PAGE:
_data_byte
8 bslbf
}
}
if (section_number == last_section_number) {
for (j = 0; j < N2; j++) {
stuffing_byte 8 bslbf
}
}
if (section_syntax_indicator == "0") {
checksum 32 uimsbf
} else {
CRC_32 32 rpchof
}
}

As you can see, the MAC address is split into two groups: the two least significant bytes (bytes 5 and 6) are stored early in the section, with the others following later. The reason for this is to allow hardware section filters (which can often only filter on the first part of a section's payload) to help filter out datagrams for other MAC addresses that a receiver would not care about.

Each section carries a single datagram for a single MAC address (although this may be a multicast or broadcast MAC address, so the packet would actually be received by several receivers). While it is possible for an IP datagram to be larger than an MPEG-2 section, this is not supported by DSM-CC. IP datagrams used in multi-protocol encapsulation should have an MTU value of 4080 bytes if the LLC/SNAP flag is not set and 4074 bytes otherwise. Since IP datagrams are guaranteed to fit in one section, both the section number and the last section number will be set to zero when the section is carrying IP data.

The LLC/SNAP structure allows the section to transport any kind of OSI layer 3 networking protocol. If the section is being used for IP data, the LLC/SNAP structure isn't necessary and the payload consists of just the IP datagram. Since we're concentrating on IP only in this tutorial, we won't look at the LLC/SNAP structure in any detail. The DSM-CC specification gives a few more details, but not many.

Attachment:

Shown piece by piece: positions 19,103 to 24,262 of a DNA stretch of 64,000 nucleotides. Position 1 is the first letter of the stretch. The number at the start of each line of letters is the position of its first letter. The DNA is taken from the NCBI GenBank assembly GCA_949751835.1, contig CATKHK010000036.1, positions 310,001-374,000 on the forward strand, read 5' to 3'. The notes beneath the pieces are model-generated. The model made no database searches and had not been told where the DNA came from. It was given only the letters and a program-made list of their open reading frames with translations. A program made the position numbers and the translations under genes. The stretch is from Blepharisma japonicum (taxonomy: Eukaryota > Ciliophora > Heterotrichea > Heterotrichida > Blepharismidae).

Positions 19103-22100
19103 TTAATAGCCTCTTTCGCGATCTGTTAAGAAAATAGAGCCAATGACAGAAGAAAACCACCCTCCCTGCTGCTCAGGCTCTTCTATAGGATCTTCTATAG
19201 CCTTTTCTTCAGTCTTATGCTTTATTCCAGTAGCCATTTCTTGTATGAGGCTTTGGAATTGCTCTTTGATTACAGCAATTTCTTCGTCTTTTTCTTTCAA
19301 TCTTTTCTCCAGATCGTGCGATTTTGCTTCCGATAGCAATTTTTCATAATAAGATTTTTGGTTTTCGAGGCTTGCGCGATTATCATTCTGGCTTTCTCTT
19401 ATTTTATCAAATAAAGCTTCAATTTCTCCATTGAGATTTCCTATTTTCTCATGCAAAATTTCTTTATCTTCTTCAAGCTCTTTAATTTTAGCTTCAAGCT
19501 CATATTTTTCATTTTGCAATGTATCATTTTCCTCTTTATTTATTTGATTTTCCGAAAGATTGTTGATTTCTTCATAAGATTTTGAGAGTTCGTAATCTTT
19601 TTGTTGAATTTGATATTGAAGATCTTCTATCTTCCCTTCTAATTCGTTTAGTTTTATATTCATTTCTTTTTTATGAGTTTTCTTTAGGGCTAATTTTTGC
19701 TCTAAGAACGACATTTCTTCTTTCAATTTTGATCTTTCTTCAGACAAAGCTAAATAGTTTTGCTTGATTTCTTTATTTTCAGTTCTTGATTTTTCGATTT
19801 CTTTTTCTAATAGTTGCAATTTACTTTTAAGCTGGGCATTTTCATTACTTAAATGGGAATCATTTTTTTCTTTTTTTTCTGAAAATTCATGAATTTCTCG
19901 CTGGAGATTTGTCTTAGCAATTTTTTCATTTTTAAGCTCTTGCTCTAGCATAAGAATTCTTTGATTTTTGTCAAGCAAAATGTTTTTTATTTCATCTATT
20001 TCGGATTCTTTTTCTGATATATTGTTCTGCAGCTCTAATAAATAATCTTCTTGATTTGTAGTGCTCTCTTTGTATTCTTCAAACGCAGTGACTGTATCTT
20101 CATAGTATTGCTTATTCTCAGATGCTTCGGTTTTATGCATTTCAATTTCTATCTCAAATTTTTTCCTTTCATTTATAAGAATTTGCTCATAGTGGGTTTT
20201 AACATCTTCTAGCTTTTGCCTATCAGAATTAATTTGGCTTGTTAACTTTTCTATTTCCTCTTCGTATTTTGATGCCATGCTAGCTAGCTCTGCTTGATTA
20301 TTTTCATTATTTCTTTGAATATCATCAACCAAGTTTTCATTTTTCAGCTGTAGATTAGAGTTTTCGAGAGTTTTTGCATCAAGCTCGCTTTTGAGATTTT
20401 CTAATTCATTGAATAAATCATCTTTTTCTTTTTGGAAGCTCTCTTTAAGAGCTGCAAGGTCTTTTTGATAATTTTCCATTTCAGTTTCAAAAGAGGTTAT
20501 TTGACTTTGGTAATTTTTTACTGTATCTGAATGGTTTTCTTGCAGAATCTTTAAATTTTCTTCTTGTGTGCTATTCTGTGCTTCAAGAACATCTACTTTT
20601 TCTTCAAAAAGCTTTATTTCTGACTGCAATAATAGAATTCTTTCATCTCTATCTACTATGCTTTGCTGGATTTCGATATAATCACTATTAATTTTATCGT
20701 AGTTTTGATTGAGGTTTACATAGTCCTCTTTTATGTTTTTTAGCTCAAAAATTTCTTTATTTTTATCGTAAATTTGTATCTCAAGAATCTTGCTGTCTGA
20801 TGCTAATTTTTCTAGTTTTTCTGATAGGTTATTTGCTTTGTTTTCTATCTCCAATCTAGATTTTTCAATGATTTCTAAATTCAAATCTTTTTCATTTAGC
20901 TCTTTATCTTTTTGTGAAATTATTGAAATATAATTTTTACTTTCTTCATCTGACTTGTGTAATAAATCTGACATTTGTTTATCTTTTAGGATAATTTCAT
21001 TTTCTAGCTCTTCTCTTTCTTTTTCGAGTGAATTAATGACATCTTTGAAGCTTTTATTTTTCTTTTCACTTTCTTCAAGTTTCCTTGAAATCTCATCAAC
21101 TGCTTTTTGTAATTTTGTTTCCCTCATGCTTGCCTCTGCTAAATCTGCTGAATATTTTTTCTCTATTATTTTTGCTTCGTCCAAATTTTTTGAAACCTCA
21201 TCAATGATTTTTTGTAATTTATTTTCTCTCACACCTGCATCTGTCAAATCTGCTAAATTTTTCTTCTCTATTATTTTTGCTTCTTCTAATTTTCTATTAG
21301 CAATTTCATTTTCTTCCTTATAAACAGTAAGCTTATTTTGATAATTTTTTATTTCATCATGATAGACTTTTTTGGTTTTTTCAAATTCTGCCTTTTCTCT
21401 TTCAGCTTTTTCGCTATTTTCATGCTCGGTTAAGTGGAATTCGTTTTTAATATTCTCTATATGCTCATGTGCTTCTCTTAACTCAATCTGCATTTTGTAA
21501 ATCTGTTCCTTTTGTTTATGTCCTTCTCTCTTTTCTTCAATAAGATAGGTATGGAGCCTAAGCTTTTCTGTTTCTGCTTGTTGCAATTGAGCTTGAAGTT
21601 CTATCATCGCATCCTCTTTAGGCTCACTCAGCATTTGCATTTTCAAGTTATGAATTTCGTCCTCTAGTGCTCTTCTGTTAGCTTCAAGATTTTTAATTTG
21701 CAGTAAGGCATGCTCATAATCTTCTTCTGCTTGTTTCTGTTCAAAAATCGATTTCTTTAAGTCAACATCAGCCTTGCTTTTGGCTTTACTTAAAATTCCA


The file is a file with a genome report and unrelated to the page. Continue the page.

Service information and multi-protocol encapsulation

Service information plays an important part in multi-protocol encapsulation. As well as the descriptors that are defined to handle other types of DSM-CC data (see the section of this tutorial on service information and DSM-CC), DVB has defined some additional service information to optimise the use of DSM-CC multi-protocol encapsulation with IP data. Initially, MHP defined an additional descriptor (the IP routing descriptor) to tell a receiver how

Between MHP 1.0.2 and MHP 1.0.3, however, DVB revised the data broadcasting specification. The new version included some extra SI that defined how IP packets where to be handled, and as of MHP 1.0.3 this replaced the IP routing descriptor as the way that broadcasters should tell the receiver about IP data. MHP 1.0.2 and OCAP systems must use the older version of the SI, however.

Routing descriptors

Older versions of the MHP specification used the routing descriptor to define how multicast IP addresses used by MHP applications where mapped on to DVB component tags. This let the receiver know how where to look for data that an application was waiting for. These descriptors were contained in the common descriptor loop of MHP's AIT, and so they applied to every application in that AIT. of course, this also means that they were not general-purpose descriptors: they applied specifically to MHP systems. This is one of the reasons why they were replaced by the SI specified in the new version of the data broadcasting specification. (The other resaon was that the data broadcasting specification was defined by people who knew about and cared about IP transport over DVB transport streams, while MHP was defined by people for whom this was a necessary evil. Better leave the job to the people who care about getting it right).

MHP defined routing descriptors for both IPv4 and IPv6 traffic - in the real world, no-one uses IPv6 for this, and so we will only look at the IPv4 version of the descriptor: